The GRE is a challenging exam! Here are some considerations to keep in mind as you embark upon your preparation plan:
Most of the questions, both Verbal and Quantitative, require a certain amount of “unpacking.” Very few are the type of direct questions you might find in a high school or college course. Most of them have twists and turns.
Familiarize yourself with a conversion chart showing raw scores, scaled scores, and percentiles. This will give you a general idea about how many questions you need to do correctly in order to reach your goal score or percentile.
Take the diagnostic test on the ets.org website.
It’s better not to prepare completely on your own; Take a class, get help from a friend who has taken the GRE, or get private tutoring.
Taking the test “cold” with no prep, is kind of a waste. Everyone needs some kind of preparation to achieve his or her highest score.
Consistency is key! Taking an hour once per week is like going to the gym for an hour once a week; it’s better than nothing, but you probably will not see a lot of progress. How much time you will need in order to enjoy the benefits of consistency depends upon your current relationship to the material covered. If you just finished your undergraduate degree in Chemistry, for example, you might need only to work on strategies for the Quantitative section, since you are already current on much of the Math.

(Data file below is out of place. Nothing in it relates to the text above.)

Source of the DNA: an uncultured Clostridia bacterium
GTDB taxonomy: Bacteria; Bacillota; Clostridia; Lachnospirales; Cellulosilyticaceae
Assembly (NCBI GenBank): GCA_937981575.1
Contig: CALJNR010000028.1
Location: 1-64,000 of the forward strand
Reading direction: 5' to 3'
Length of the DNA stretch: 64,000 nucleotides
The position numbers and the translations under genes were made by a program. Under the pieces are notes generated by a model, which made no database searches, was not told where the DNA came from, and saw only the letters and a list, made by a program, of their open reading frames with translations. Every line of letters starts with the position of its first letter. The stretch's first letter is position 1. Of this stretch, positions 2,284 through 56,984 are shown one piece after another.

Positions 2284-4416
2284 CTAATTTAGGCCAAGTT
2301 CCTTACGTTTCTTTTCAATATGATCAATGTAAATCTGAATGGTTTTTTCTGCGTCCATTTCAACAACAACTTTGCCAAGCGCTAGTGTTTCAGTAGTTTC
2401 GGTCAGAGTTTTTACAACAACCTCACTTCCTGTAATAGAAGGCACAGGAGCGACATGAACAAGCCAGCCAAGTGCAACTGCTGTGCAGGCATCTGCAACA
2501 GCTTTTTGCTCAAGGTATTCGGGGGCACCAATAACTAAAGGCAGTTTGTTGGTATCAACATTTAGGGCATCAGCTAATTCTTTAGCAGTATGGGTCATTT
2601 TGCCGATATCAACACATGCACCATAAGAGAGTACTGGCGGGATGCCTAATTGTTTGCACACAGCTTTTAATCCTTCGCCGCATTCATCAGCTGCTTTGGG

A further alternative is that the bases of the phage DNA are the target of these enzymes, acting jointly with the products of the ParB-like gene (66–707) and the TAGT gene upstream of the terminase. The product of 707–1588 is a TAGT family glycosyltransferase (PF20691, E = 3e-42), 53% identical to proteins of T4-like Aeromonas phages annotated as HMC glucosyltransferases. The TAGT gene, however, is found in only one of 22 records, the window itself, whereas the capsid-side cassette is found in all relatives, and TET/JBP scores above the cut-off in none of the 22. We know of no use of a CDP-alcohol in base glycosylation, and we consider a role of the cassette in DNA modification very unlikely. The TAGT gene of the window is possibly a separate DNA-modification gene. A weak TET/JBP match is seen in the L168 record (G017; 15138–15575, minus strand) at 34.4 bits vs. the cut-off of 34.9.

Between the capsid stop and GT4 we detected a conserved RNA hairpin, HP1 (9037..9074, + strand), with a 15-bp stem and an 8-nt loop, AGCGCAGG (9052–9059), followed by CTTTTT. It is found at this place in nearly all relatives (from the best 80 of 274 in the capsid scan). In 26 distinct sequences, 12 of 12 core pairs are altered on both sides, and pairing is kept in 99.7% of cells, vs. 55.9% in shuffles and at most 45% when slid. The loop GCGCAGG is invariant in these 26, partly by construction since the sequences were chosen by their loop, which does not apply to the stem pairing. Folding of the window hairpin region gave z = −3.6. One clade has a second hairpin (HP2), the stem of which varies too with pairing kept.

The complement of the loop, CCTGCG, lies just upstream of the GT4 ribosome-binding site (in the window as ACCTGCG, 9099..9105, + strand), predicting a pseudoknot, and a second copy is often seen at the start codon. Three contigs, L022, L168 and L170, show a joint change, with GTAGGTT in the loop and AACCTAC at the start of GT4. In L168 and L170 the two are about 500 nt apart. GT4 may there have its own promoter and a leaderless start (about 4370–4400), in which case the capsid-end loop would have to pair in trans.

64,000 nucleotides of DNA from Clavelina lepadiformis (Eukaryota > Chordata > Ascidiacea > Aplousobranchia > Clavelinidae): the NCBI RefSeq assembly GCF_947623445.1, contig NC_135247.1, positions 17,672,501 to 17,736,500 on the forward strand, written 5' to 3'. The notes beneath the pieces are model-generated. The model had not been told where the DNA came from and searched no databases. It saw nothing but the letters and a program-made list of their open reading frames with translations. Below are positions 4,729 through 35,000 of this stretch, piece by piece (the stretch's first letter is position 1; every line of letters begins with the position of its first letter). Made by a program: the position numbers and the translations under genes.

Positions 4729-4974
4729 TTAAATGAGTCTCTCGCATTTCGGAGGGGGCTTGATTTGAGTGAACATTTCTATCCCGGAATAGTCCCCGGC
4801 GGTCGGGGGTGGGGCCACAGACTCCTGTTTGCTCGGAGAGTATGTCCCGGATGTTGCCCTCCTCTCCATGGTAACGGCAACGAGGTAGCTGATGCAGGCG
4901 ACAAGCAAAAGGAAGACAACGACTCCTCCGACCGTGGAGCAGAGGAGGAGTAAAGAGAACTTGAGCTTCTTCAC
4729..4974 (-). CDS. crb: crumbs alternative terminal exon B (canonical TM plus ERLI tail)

However, if you received your graduate degree in History and haven’t looked much at Math in the last 5 years, you would need to block out regular times to get current on the material.